“My first rolls of film were shot when I was 17 – so before university – volunteering in a Romanian orphanage. Their raw honesty still make it hard for me to look at them.” Photographer Jenny Lewis on her journey so far…
Jenny Lewis, 41, lives in Hackney, east London, with her partner and two children: Ruby, nine; Herb, six.
(This interview was originally published in November 2015 – so ages/projects will have changed)
“After uni, I got a job for Metro in Clerkenwell, as a black and white printer. Hackney was the obvious choice for living, as it was really cheap, so we piled into a big Victorian house in London Fields with a bunch of mates from college and popped a pool table in the garden.
I’ve been here for over 20 years now, and still live only a couple of roads away from that first house. We have a big house with a small garden but worked through the student accommodation, small flat etc. to get here.
I have two kids who are teaching me constantly how to be a better human. The wise words they come out with astound me sometimes; children’s honesty gives them such a level of kindness – it’s a brilliant reminder of how you should behave.
My children’s life is totally different to my upbringing in Essex. Living in London, they are immersed in art, dance and music. I don’t think I went to a gallery till I was in my late teens, my mum did pottery but we certainly weren’t surrounded by theatre and art.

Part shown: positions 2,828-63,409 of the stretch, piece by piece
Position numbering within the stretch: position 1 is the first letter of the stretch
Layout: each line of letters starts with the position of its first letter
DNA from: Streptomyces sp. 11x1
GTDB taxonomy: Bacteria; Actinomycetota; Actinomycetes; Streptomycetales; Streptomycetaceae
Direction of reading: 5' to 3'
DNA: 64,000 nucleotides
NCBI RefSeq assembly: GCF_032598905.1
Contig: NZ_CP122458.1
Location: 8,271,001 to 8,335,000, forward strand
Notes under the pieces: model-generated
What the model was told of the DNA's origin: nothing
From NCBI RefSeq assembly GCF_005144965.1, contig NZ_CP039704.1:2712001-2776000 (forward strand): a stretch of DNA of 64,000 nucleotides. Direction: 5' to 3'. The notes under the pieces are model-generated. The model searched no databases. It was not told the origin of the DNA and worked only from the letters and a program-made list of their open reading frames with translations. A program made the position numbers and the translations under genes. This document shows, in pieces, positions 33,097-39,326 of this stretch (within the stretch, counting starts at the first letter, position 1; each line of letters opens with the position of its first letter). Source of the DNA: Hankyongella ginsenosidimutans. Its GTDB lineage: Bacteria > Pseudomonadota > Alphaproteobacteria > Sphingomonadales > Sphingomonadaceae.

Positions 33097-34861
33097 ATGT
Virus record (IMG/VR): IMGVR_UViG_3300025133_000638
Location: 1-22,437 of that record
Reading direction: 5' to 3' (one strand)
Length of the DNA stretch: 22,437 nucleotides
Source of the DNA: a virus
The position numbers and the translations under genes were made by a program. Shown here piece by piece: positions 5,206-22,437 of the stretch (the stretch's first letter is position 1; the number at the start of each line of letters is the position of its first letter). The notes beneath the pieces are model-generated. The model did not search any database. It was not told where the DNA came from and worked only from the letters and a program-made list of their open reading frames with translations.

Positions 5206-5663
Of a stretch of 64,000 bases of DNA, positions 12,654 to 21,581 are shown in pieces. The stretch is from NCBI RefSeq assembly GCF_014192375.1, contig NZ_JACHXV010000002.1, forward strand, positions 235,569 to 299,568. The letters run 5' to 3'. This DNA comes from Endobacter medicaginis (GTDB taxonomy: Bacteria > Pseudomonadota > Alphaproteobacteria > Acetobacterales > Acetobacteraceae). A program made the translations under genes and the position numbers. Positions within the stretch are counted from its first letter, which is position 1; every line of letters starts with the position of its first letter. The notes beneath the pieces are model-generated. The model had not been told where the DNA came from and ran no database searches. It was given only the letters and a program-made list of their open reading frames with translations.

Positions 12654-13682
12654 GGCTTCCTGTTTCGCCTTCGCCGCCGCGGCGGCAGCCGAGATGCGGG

I studied fine art/painting at university but worked a lot with photography too. I used to sneak over to the darkrooms and nab the photography lecturer Gavin Parry to give me tutorials though he was nothing to do with my painting course.
My first rolls of film were shot when I was 17 – so before university – volunteering in a Romanian orphanage. Their raw honesty still make it hard for me to look at them. But my first photography-related job was for Metro.
I always enjoy shooting people in an environment that means something to them, giving clues to their personality or what they are interested in
I was introduced to all the best in photography at the time. I would process hundreds of rolls of film a day – from fashion to war photography, portraiture to art… I learnt a lot in that basement darkroom. Later I went on to assist photographers such as Polly Borland and Andrew Douglas, until I started working for myself.
I’ve worked for all the weekend supplements over the years – studio shoots with celebrities, portrait shoots for book covers. I always enjoy shooting people in an environment that means something to them, giving clues to their personality or what they are interested in: James McAvoy in his rehearsals, Ian McEwan at home; it’s always interesting what the details in the background reveal about the main portrait.
This enjoyment led on to my Hackney Studio series, which I’ve been working on for the last two years – photographing creatives in their work environment – and I try and do at least one of these a week for my own enjoyment if nothing else.
One Day Young was a reaction to the lack of celebration around women and childbirth. I felt this was largely ignored in the art/photography world and wanted to create a series to empower and support women. I didn’t realise I had embarked on a five-year project shooting over 150 subjects when I started it.